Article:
“Commonly known as the opposite of imposter syndrome, this psychological phenomenon is marked by a complete lack of self-awareness,” the trivia announcer spoke into the microphone.
“Dunning-Kruger effect!” someone shouted — otherwise known as the tendency to vastly overestimate one’s knowledge and proficiency in any one field or discipline.
Even though Trivia Night continued, my curiosity was piqued.
What about people who experience this sort of imbalance of confidence and competence on a much larger scale? Can Dunning-Kruger be a defining characteristic of who someone is?
I’d say yes. In fact, I’d argue there’s a good chance they could become successful because of it.
My reasoning is as follows: attention is a currency, one we both receive and grant. The proliferation of social media simplifies this process even more.
Dunning-Kruger becomes a spectacle, a person so unaware of themself that plastering their ignorance online can garner an audience and thus reap profit.
Dunning-Kruger in today’s society, regardless of whether the phenomenon itself is real, highlights a deficiency in our society. Those who embody this effect of cognitive bias either attract people who are drawn to their expertise without understanding their faulty credentials, or an audience, eager to feast on the entertainment of behavior so wildly different from their own.
Look no further than Donald Trump for a perfect example of this notion.
As someone who is always incapacitated in some way by imposter syndrome, I couldn’t comprehend living in what had seemingly been defined as a perpetual state of inflated worthiness.
My inability to conceptualize Dunning-Kruger led me down the Google abyss later that night — I scoured through subreddits analyzing everyday instances. Redditors ranting about their Dunning-Kruger-impaired, “moronic” coworkers, blogs calling for us to “pity our overconfident celebrities” and articles refuting or supporting the phenomenon’s actual validity.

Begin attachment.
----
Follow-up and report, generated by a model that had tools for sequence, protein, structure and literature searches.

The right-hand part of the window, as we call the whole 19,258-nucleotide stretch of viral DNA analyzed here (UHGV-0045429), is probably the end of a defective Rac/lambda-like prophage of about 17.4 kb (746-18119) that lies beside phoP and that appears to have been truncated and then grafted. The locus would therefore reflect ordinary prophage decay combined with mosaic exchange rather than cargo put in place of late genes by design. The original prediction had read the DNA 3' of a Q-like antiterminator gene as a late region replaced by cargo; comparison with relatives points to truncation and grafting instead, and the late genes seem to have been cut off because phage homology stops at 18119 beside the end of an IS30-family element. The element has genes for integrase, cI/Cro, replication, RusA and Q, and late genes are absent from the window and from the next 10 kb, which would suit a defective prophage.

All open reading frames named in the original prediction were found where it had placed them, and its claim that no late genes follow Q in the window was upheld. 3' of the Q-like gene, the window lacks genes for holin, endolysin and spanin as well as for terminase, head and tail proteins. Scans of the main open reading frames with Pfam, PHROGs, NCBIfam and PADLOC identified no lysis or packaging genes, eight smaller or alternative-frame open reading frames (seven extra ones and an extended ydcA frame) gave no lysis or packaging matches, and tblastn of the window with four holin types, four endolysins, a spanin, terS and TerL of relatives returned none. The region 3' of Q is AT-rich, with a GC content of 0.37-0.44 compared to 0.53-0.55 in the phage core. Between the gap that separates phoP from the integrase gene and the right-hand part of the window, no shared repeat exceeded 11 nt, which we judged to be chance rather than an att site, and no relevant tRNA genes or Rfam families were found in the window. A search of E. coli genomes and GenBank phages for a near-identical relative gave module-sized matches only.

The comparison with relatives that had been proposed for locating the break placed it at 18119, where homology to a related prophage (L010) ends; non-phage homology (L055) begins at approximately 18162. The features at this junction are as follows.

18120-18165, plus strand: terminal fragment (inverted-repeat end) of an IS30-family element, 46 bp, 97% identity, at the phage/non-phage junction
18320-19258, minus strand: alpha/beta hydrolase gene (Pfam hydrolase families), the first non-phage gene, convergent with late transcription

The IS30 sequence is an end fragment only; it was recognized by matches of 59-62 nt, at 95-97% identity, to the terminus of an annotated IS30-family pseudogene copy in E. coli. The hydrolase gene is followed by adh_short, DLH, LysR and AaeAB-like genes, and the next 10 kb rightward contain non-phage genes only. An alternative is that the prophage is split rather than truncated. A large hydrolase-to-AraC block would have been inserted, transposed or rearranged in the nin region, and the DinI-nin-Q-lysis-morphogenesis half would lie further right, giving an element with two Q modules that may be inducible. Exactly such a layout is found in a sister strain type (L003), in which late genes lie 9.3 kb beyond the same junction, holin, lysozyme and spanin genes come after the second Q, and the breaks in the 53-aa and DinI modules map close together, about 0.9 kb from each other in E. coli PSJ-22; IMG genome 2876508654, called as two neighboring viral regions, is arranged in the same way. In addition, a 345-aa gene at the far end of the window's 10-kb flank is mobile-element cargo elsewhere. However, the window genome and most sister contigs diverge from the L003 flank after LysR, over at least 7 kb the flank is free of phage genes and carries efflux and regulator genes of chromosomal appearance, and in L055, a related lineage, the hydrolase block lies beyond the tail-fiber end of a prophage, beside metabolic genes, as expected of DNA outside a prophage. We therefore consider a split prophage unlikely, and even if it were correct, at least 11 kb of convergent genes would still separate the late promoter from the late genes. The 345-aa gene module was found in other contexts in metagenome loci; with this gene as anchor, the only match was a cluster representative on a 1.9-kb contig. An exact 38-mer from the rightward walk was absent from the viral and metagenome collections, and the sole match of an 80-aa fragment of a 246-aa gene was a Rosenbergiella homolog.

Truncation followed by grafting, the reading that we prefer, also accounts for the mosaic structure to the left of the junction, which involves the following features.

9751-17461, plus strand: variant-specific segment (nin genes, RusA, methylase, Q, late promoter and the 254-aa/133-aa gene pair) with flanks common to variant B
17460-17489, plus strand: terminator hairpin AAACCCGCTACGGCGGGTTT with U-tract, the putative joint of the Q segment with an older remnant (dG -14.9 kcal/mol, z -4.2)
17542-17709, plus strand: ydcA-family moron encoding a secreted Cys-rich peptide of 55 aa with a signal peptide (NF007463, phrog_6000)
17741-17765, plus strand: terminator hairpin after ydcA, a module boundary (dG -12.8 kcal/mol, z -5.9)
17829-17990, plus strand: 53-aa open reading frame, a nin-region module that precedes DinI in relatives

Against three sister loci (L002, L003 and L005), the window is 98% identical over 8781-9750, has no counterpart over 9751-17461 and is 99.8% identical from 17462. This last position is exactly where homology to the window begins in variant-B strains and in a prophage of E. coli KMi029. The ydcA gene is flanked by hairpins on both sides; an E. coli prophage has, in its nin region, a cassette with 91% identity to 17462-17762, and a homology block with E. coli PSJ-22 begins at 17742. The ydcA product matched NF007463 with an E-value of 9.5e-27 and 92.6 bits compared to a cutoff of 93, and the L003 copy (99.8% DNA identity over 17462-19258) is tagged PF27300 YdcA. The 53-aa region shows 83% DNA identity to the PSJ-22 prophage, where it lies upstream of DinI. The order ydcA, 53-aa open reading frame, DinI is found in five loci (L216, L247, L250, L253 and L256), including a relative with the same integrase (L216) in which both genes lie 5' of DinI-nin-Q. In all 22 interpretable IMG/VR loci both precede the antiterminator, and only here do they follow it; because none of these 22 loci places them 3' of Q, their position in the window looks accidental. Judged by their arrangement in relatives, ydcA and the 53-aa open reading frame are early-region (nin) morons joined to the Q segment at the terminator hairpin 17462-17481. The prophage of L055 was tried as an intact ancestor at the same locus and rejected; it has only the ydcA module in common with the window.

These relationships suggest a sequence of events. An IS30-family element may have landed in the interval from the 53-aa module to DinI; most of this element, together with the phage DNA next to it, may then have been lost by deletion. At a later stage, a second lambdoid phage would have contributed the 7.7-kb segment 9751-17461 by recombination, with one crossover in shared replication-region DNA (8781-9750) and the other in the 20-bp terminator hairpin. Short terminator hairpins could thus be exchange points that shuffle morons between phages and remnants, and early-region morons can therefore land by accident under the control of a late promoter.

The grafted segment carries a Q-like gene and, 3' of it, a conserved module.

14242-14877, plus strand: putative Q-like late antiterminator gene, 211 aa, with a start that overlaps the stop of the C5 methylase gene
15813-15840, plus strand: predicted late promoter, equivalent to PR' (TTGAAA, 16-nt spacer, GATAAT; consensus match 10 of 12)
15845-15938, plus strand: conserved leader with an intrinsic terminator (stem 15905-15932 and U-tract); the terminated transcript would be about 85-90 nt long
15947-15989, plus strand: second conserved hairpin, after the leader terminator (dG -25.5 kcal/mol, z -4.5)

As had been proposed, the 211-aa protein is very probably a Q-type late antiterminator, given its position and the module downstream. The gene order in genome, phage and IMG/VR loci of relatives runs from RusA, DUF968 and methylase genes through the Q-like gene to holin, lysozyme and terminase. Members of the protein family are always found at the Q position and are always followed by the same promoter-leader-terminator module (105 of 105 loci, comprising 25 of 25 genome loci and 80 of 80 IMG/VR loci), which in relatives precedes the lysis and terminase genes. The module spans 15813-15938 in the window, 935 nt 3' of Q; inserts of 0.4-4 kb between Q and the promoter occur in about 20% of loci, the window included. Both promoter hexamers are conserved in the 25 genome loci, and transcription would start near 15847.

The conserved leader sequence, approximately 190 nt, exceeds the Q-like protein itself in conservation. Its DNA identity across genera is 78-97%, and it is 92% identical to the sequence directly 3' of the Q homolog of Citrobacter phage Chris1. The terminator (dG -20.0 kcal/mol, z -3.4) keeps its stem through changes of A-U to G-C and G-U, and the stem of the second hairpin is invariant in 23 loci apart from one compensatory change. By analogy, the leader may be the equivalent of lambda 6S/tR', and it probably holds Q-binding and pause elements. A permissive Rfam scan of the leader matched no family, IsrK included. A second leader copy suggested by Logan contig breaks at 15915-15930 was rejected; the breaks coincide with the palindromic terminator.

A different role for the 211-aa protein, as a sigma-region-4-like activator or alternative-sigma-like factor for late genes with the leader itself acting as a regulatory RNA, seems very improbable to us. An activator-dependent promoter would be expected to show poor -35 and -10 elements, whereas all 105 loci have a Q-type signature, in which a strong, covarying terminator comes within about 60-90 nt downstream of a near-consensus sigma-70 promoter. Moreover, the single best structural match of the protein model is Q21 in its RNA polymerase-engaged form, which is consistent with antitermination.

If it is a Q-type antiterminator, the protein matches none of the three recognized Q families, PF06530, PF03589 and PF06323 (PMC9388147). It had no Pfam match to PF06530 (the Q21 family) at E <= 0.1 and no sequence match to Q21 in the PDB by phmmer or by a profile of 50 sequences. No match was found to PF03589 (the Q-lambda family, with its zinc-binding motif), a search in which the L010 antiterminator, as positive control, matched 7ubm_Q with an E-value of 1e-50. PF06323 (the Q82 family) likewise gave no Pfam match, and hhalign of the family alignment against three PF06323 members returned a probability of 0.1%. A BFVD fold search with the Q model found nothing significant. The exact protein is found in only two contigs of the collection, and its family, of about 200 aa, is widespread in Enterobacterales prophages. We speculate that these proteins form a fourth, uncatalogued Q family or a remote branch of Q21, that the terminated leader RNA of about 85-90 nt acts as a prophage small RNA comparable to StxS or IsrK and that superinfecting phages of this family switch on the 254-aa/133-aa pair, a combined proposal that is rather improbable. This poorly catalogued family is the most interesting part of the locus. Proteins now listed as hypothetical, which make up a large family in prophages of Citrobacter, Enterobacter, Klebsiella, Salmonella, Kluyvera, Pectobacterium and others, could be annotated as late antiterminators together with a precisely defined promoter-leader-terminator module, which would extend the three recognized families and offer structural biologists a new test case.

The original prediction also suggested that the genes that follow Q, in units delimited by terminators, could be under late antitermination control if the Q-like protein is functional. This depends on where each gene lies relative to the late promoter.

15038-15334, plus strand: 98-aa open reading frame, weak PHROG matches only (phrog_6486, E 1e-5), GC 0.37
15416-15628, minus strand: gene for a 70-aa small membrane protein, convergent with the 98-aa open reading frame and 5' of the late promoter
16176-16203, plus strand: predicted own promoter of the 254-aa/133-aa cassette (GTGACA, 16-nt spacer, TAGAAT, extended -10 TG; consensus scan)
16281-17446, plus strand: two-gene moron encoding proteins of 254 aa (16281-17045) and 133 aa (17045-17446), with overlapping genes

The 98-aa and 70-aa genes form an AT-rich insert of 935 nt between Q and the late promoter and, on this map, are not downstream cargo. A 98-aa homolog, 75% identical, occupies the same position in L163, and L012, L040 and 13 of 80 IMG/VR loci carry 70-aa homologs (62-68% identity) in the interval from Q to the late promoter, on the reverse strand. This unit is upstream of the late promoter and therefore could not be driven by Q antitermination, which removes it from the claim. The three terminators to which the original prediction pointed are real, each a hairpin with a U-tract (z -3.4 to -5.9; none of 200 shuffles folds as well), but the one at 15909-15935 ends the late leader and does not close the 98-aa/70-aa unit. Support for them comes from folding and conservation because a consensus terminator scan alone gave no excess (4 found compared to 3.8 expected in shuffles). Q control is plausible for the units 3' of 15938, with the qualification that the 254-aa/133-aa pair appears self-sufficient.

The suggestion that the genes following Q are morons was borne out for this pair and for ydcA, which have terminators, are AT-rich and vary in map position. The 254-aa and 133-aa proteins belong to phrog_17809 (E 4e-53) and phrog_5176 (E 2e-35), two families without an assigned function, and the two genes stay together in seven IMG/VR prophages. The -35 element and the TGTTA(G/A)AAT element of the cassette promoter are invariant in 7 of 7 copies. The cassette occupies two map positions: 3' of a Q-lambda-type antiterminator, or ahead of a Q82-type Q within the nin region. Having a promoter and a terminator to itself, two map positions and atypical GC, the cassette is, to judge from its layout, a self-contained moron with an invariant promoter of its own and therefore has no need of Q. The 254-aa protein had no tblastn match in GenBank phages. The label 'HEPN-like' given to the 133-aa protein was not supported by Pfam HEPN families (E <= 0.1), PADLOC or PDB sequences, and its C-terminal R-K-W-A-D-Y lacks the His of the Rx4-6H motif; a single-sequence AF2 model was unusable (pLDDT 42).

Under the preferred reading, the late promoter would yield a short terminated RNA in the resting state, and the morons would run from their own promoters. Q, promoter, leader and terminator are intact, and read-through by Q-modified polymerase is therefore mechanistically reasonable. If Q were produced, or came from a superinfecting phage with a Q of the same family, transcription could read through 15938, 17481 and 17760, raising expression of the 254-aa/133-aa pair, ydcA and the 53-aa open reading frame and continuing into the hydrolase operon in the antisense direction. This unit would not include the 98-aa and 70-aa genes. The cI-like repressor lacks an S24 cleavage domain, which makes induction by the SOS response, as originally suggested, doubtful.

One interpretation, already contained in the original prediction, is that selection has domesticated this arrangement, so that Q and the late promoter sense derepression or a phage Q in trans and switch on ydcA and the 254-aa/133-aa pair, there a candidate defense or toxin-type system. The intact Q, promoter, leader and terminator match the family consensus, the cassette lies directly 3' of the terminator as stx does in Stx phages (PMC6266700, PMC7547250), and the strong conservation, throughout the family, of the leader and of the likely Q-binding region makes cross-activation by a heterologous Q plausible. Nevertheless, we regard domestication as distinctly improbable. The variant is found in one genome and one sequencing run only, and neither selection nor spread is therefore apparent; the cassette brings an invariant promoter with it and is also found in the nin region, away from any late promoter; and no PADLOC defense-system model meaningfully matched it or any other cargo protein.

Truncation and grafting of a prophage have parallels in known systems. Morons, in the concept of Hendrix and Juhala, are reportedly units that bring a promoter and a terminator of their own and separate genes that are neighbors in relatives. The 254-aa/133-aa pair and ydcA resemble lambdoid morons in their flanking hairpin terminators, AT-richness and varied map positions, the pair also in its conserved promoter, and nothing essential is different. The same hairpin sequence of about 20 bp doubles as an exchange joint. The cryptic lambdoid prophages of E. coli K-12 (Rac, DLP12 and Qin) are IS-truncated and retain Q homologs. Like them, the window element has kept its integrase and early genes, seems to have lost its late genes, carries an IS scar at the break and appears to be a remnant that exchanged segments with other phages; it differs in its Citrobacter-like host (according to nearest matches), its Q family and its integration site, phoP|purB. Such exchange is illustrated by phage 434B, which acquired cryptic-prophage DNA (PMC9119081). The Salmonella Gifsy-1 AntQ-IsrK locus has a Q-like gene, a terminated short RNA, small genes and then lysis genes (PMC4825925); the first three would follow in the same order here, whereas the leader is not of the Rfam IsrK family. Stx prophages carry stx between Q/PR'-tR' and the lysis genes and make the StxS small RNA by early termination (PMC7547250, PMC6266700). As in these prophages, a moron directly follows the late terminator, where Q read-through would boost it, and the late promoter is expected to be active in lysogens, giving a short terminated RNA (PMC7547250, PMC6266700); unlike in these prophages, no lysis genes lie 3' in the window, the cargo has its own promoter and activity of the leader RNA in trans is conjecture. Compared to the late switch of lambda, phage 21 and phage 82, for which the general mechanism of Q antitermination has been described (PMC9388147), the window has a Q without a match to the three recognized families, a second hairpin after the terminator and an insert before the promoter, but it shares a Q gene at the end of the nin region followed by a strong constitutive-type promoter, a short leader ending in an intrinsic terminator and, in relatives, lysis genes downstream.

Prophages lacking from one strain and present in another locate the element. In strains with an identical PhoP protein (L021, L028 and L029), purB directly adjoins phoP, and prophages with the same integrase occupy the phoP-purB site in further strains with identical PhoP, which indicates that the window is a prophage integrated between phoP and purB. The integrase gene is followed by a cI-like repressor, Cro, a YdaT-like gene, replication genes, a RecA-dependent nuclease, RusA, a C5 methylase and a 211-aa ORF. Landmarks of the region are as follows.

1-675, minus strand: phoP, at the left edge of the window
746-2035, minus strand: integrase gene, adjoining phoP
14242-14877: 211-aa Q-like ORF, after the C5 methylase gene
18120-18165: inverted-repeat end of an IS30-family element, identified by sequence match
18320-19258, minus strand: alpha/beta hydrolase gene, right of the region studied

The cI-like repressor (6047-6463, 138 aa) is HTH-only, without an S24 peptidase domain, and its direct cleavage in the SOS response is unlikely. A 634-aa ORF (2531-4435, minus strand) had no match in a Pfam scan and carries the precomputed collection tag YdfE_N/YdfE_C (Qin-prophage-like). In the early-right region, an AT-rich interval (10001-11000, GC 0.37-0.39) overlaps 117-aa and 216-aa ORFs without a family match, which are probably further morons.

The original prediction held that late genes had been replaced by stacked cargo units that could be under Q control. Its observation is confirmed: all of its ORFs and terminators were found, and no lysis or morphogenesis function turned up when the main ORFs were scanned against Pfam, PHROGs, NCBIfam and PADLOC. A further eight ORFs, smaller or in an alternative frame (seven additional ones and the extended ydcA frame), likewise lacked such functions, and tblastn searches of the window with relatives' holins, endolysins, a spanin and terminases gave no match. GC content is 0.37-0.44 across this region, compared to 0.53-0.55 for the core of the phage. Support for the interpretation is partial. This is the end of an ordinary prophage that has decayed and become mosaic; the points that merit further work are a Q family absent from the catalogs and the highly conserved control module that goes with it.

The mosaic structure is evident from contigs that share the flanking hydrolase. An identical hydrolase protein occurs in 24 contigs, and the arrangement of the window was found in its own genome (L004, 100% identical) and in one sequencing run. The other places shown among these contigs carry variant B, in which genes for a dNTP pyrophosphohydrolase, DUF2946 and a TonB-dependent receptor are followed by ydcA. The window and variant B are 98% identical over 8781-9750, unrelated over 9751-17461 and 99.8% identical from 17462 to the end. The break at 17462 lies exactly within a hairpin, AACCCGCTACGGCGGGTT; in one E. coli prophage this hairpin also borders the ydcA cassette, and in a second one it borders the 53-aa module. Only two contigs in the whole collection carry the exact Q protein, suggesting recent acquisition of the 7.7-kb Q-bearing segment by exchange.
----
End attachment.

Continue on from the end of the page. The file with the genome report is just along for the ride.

There’s debate around the viability of Dunning-Kruger as a grounded psychological phenomenon. Some researchers write it off as unfounded, something we flock to because it provides tidy, comfortable explanations for the sometimes egregiously un-self-aware people in our life or online.
A more recent study found that the data from the original paper by David Dunning and Justin Kruger, data could be replicated through a random computer-simulated model that was free of certain cognitive biases present in the original research. Many researchers take this to be evidence that the phenomenon doesn’t actually exist.
The effect should be observable only in humans because it’s a cognitive bias. But if it’s observable in non-human data, is it really a psychological (aka human) phenomenon?
I’m not writing this to tack my two cents onto an ongoing debate that, quite frankly, I lack the expertise to enter (and given the topic of this article, it’d be pretty ironic for me to try). I’m more fascinated by a comment made by Dr. Dunning, and how this relates to the society we live in and the success that certain people attain.
Dr. Dunning states the real lesson isn’t about pointing the finger but rather “how we should be humble and cautious about ourselves.”
We all occasionally fall prey to overconfidence when we’re situated in an arena of our own incompetence. We think we can replicate that dinner recipe we tried once a few weeks ago by memory or we swear we can navigate without directions even when we’re going in circles. These small occurrences are merely part of the human experience.
It’s upsetting that those with an oblivious disregard for the proportionate balance of competence and confidence can somehow end up doing so well in this world. Dunning-Kruger lending itself to success may seem surprising at first, but with the growth of social media and the inherently selfish structure of capitalism (or human nature?), maybe it just makes sense.